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Clinton’s Crisis: Oh, Behave!

5 minute read
Bruce Handy

Is it just coincidence that the Clarence Thomas-Anita Hill hearings in the fall of 1991 roughly coincided with Bill Clinton’s emergence on the national scene? In the years since Long Dong Silver became a household name–not to mention Paula Jones and Dick Morris–one thing has become clear: the word nadir no longer has any meaning in public life. Perhaps this is why, according to the latest TIME/CNN poll, 60% of Americans are “disappointed” by the latest allegations against the President and 55% are “disgusted,” but only 26% claim to be “surprised.”

In late-night comedy monologues–which serve as a kind of trip wire for public sentiment–Clinton’s philandering has never been in doubt. He has long been an easy joke, a shorthand figure of fun right up there with staples like Michael Jackson and Pamela and Tommy Lee. Indeed, last Wednesday night as the Monica Lewinsky scandal was first breaking, Jay Leno scored a twofer on the Tonight Show with a lame joke about the Lees’ wanting to see Clinton’s home videos (he did a lot better with his line that Clinton’s may be the second presidency to be brought down by Deep Throat).

Up until now, polls have shown that a majority of the American people aren’t unduly put off by Clinton’s presumed fooling around (especially if it happened back in Arkansas). For one thing, in an era in which no one besides felons and welfare mothers is held responsible for his or her actions, compulsive womanizing has inevitably been redefined as sexaholism: the old kind of touchy feely meeting the new kind of touchy feely, which certainly sounds like President Clinton. One imagines that his tomcat aura may even have helped him in those precincts of the electorate that had come to see the Democrats as the no-fun, take-your-medicine, be-nice-to-everyone party–i.e., the girly-man party–after the Carter, Mondale and Dukakis debacles. Of all Clinton’s straddles, maybe this was his greatest: to be seen as both family man and rogue, feminist sympathizer and Kennedyesque swordsman, the New Democrat and the Old. It surely must have allayed fears that he was going to let Hillary run everything. As Grover Cleveland, the old goat, is reported to have said when confronted with a sex scandal of his own, “I don’t believe the American people want a gelding in the White House.”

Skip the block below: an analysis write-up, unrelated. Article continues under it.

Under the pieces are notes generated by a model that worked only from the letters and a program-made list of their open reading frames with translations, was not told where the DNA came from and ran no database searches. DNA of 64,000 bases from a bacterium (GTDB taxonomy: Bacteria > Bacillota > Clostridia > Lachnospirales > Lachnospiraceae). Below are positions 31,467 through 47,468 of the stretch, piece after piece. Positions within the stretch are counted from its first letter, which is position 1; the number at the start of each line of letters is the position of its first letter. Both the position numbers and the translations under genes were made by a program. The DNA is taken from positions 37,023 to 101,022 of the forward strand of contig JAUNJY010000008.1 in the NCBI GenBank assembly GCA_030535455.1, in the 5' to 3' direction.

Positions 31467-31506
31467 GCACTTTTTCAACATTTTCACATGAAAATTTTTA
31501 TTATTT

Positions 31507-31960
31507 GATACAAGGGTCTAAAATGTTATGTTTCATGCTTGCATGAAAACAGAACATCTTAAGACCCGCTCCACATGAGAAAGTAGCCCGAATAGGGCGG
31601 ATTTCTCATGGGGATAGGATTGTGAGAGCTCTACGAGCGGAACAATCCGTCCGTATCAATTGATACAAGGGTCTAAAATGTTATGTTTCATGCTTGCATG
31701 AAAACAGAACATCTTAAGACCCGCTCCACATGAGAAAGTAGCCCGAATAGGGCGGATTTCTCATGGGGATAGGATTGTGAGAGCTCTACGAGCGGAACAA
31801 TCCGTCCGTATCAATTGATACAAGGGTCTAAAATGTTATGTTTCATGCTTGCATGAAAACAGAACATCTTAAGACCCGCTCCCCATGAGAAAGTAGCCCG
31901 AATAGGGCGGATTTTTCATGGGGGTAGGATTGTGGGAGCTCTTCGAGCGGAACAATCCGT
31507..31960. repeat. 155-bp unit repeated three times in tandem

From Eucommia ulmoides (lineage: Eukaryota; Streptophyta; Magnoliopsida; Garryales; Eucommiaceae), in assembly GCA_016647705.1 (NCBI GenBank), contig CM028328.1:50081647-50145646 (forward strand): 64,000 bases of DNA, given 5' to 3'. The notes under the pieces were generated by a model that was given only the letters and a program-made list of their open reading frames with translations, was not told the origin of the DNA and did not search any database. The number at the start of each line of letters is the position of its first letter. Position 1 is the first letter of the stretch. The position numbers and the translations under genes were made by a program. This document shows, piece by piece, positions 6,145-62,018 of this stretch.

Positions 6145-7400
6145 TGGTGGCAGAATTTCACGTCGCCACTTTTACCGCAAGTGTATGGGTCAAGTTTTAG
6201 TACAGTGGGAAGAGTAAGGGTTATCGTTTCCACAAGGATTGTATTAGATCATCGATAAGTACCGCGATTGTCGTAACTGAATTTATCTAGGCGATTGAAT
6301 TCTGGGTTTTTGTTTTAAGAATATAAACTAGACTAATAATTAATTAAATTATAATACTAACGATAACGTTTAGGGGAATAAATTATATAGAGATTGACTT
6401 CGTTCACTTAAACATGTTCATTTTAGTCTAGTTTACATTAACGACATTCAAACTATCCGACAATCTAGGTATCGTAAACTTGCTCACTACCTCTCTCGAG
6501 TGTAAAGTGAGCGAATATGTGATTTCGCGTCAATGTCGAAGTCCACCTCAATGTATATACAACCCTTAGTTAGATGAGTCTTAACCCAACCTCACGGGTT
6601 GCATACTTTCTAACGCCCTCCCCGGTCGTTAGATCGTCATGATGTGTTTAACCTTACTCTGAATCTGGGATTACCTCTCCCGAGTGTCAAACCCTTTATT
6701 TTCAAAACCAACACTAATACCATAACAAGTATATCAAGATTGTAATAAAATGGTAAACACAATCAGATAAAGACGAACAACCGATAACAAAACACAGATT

It’s often claimed that a nation gets the leaders it deserves. The TIME/CNN poll shows that 54% of Americans think the President’s moral standards are “about the same as the average married man’s.” While it’s hard to tell whether this is good news for the President or bad news for average married men, the real danger for Clinton is that what had once been mostly confined to the back of the national classroom is now up at the chalkboard giving lessons. The problem for the President isn’t that Leno, Bill Maher and Conan O’Brien are talking about his sex life night after night (luckless David Letterman was in reruns last week), it’s that Ted Koppel, Sam Donaldson and Cokie Roberts are. The disquieting effect is not unlike having to hear how your dad is in bed. From your mom. Comics at least have an advantage over newspeople in that they don’t have to try to maintain a straight face while discussing fellatio and semen stains on national television.

Yes, it was one of those weeks where the news played like bad, improbable satire (except at the core of the whole White House mess, where the novelistic verisimilitude of Lewinsky’s taped conversations, their palpable high-school ickiness, lent her charges an immediate measure of credence; Clinton had better pray “the big creep” doesn’t become his best-remembered epithet). In one bad satire-like coincidence, Hollywood has a not-so-bad satire in current release: Wag the Dog, in which a President is accused of ravishing a “Firefly Girl.” The producers were reported to be cautiously optimistic that the White House crisis would help out at the box office.

More concerned were the makers of the film version of Primary Colors, due in March and starring John Travolta as a thinly disguised Clinton. “Even though the character’s a philanderer,” says a person who has seen portions of the unfinished movie, “he’s portrayed as charismatic and good-hearted. You could even say noble.” It sounds like an engagingly complex characterization, the kind of thing we need more of in movies. But director Mike Nichols must be wondering whether two months from now, after an onslaught of news reports, press conferences and (Why not shoot for the moon?) impeachment hearings, the public will have any interest in leaving the house and paying money to see a make-believe skirt-chasing President, let alone a putatively noble one.

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